I realise that when school starts, it will, theoretically be a massive challenge holding back a sea of English. But I have some weapons up my sleeve. Home schooling (I'm planning to educate her in French for my part, my wife in English), and time in Francophone countries with an intended 12 months abroad in the coming one to two years if we can manage to pull it off.
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Re: Language Education and Children

Postby Whodathunkitz » Thu Mar 22, 2018 1:01 pm

Cainntear wrote:
tarvos wrote:I did not have delayed production... I think it may depend on the child.

Everything varies by child and by family, of course, but looking at individuals, there's no way to tell the difference between "not delayed at all" and "delayed prooduction by an otherwise-early talker".


Looking at my child and other children, my OPINION is that children don't advance in any regular way.

One child will latch onto a skill and practice and practice (to the point of exasperated parents), master the skill and then move onto the next one.

So the child development books that say "by 2 years a child should do a,b...e" would be better saying "by 2 years a child should be able to do 4 of these tasks..."

My child was sofa cruising at 7 months (never crawled), could do alphabet/spelling games at 12 months (game on a phone); looking at a video of him doing a number jigsaw at 21 months - he can't talk! Just some burbles, not even loads of sounds.

Other kids at a younger age are chatting away but might have been later walking, reading etc.

It's hard research to do (I'm guessing) - so anecdotes may be more useful than usual.

Differences with families, siblings/time with adults, home/nursery, extended family, genetics, gender, birth weight?

Someone's mum said that she didn't speak until she was 3. The first thing she said was a full sentence.
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Re: Language Education and Children

Postby Cainntear » Thu Mar 22, 2018 2:28 pm

Whodathunkitz wrote:It's hard research to do (I'm guessing) - so anecdotes may be more useful than usual.

Differences with families, siblings/time with adults, home/nursery, extended family, genetics, gender, birth weight?

Someone's mum said that she didn't speak until she was 3. The first thing she said was a full sentence.

Research says that's perfectly normal -- late speakers without any learning disability tend to suddenly start but be at a very similar stage to their peers. In fact, there are many cultures where babies aren't spoken to, and aren't actively pushed to talk, and while this leads to much later speaking, it tends to spontaneously emerge as full formed sentences and there's no real difference by school entry age.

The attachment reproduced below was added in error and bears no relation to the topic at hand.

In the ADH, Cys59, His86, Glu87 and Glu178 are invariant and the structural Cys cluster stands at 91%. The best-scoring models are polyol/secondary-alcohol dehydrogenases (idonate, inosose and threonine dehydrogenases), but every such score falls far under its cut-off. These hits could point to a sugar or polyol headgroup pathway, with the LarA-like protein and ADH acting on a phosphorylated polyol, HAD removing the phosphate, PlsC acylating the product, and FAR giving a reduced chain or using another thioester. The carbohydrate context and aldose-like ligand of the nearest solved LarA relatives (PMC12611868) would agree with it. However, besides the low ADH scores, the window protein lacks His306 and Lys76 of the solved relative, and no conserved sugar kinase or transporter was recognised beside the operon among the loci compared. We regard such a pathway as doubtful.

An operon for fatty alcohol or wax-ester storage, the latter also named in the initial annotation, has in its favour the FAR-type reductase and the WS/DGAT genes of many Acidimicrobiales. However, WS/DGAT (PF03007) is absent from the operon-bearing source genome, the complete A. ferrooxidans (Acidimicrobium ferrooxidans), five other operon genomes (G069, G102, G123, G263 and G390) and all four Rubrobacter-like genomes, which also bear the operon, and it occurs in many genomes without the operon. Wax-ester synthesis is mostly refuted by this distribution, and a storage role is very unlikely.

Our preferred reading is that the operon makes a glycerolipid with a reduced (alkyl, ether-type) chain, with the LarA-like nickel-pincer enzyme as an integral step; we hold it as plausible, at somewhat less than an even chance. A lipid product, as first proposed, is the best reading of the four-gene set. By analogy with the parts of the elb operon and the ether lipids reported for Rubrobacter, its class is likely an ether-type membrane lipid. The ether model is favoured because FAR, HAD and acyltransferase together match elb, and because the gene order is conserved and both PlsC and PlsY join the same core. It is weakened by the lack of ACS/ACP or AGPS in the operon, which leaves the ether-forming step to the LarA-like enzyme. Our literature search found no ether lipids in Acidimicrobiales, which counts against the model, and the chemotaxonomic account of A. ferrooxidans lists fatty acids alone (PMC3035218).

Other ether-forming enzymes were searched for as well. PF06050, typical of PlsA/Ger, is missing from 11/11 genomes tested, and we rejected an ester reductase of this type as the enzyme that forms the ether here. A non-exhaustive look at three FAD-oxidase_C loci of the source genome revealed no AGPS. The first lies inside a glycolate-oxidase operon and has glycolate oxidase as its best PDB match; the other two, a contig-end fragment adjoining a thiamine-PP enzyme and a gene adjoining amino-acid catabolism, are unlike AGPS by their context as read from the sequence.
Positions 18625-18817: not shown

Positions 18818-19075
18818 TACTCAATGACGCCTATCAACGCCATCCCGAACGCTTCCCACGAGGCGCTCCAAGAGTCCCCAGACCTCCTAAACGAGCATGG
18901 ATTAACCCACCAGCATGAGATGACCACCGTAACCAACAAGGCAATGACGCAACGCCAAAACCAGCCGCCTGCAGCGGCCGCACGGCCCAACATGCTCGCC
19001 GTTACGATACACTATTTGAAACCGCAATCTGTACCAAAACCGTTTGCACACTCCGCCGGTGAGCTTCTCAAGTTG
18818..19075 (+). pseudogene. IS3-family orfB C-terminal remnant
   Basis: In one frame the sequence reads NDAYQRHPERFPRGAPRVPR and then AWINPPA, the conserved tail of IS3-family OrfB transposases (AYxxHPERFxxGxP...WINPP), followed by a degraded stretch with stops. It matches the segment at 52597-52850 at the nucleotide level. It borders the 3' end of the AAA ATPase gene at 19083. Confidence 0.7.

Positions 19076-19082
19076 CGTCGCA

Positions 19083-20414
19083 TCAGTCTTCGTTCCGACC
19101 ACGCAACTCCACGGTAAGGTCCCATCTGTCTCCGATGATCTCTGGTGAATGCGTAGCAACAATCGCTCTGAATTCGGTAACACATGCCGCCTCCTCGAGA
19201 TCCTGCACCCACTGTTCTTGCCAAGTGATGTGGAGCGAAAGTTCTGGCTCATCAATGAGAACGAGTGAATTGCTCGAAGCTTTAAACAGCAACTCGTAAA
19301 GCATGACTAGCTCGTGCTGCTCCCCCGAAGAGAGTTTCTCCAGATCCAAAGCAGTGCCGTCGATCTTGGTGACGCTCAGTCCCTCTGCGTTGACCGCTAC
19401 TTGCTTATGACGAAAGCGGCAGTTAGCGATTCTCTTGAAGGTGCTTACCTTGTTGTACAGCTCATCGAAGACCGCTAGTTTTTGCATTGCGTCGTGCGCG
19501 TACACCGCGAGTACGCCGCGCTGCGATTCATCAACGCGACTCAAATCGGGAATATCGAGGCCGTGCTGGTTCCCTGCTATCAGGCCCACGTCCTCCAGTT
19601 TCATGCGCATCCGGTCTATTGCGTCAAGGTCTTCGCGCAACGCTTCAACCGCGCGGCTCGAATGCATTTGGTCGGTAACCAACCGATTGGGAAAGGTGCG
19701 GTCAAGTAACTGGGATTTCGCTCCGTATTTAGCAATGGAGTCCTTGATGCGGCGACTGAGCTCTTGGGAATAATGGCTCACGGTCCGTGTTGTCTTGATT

This is the sort of thing that informs the "you learn by listening not by speaking", line, but even if that's true for L1, that doesn't automatically make it true for L2.
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Re: Language Education and Children

Postby Cainntear » Thu Mar 22, 2018 2:30 pm

However, there are some researchers who've claimed that talking to babies helps them lean some of the social conventions of language use - questions and answers, turn taking etc.
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Re: Language Education and Children

Postby Elexi » Thu Mar 22, 2018 6:00 pm

I think (without evidence, of course :lol: ) that a distinction needs to be made between bilingual children who come from a family where the minority language is spoken at home by both parents (e.g. Spanish by Mexican immigrants in the USA, Indian subcontinent languages in the UK) and those who parents each speak their own language at home. It seems more plausible to me that a child who has to switch between different languages situationally (e.g. at home and at nursery/school) is more likely to experience language delay than the situation where a child is spoken to bilingually at home.
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Re: Language Education and Children

Postby Cainntear » Thu Mar 22, 2018 11:33 pm

Elexi wrote:It seems more plausible to me that a child who has to switch between different languages situationally (e.g. at home and at nursery/school) is more likely to experience language delay than the situation where a child is spoken to bilingually at home.

Actually, experts are suggesting that it's the other way round, and that one-parent-one-language is trickier because there isn't as clear a context, and that bilingualism may be more readily achieved by having languages associated with certain locations and activities.
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Re: Language Education and Children

Postby Elexi » Fri Mar 23, 2018 9:54 am

Thanks for that info. Most interesting.